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Week 15, Chapters 6 and 7


We are going to spend considerable time today defining terms and words that have become common in our Christian-eze vocabularies; but we either don't actually have a definite understanding of those words and terms in our minds, or we take them differently than how they are actually meant.

So before we conclude Romans 6 and get started on chapter 7 I want to begin by taking another shot at explaining why Paul must be understood so very unlike he traditionally has been, and why this is no easy task. Why do I harp on this so much? Because like it or not, what Paul says in the New Testament forms the core of most Christian doctrine. Whether it should or not is another matter.

Bible translators are forever in a bind; they are well aware that at times what they are attempting to translate from the Biblical Hebrew or Greek to English is probably a Jewish idiom or expression that is from an ancient era 2000 to 3000 years ago. Even if it is fairly clear to them that the phrase under translation seems to be an idiom or an expression they don't necessarily know for certain what it meant to the writer or to the people of his day. And if the meaning of the expression isn't entirely clear to them, then the dilemma is: do they go ahead and transliterate the Hebrew or Greek word for word (resulting in a passage that is likely to mean something to a 21st century English speaker that it could not have meant to the writer), or do they translate it dynamically? A dynamic translation means to interpret and write down NOT what the words literally say, but rather what those words mean to communicate (at least in the opinion of the translator).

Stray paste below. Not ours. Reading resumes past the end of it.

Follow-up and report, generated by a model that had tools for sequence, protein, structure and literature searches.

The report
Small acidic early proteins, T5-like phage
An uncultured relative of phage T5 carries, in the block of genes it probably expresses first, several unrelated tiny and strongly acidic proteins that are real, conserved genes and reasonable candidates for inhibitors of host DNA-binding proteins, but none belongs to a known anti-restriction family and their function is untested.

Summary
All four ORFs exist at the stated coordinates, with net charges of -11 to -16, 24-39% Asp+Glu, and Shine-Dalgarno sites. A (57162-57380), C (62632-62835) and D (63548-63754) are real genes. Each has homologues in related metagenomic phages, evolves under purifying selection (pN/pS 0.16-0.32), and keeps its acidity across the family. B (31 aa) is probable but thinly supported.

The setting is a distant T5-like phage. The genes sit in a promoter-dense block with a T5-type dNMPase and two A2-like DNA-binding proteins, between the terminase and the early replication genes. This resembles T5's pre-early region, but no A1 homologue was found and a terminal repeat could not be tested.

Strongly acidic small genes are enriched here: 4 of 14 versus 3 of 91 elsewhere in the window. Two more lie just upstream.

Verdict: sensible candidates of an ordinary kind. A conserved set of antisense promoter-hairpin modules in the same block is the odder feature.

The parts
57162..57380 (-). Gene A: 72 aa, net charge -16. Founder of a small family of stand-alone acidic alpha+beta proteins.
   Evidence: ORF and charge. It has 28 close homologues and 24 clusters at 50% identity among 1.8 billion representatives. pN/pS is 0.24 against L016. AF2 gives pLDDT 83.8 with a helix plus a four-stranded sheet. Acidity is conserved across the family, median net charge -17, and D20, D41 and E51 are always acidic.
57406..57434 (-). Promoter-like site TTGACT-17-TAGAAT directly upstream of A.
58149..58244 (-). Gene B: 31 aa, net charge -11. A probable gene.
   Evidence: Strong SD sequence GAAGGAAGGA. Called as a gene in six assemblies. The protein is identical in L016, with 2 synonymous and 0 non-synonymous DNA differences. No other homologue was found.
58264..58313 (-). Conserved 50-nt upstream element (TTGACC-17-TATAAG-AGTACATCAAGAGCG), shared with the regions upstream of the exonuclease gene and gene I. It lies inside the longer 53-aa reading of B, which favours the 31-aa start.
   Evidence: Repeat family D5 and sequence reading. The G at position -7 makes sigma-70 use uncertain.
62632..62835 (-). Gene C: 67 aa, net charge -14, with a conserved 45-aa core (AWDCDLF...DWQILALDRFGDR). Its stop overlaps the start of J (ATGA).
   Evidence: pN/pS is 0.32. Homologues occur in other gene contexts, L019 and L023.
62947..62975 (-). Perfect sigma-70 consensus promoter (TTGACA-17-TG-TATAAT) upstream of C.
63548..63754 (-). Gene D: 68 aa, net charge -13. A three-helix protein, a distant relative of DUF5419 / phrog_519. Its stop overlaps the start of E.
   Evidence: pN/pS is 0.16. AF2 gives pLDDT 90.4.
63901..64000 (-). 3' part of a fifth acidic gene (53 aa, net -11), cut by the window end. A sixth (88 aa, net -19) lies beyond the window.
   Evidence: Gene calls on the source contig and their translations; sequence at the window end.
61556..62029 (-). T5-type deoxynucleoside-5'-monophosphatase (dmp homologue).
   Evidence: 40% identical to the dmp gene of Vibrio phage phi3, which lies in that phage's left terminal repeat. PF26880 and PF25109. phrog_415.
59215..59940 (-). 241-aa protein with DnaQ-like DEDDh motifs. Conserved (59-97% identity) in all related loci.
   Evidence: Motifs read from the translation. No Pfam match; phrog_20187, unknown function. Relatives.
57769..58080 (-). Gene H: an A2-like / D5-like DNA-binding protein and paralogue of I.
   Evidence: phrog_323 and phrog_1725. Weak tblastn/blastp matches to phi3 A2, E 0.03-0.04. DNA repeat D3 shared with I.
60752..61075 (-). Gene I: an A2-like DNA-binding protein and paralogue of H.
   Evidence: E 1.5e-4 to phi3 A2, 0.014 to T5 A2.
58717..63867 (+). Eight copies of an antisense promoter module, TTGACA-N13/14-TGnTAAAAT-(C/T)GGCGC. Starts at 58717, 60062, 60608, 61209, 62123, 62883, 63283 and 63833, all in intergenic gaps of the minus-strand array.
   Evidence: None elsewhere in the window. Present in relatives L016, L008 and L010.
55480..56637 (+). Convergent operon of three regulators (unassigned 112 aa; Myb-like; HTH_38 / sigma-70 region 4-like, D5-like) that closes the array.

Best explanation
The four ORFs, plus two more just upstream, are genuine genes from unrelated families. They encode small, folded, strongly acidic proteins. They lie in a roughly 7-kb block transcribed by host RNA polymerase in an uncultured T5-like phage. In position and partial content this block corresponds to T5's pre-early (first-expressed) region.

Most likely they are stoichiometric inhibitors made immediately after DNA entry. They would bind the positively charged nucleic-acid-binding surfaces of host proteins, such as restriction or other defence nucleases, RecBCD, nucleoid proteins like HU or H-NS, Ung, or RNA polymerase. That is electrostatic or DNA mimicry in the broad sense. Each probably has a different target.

Let me give you some well known English examples of idioms and expressions from American culture to help to illustrate my point about dynamic translation. "Don't cry over spilt milk". "Don't let the cat out of the bag". "Let the chips fall where they may". "Don't count your chickens before they hatch". "Every cloud has a silver lining". "Kill two birds with one stone". I could go on and on with these because idioms and expressions are simply part of our daily conversations. Idioms and expressions are designed to be memorable and to communicate something that is uniquely connected to one's particular culture. They work; and it is infrequent that if I should use these idioms when conversing with another American that the other person would not instantly understand my meaning. In fact, in but a few words those idioms sometimes convey something very specific that it might otherwise take a paragraph or two to define.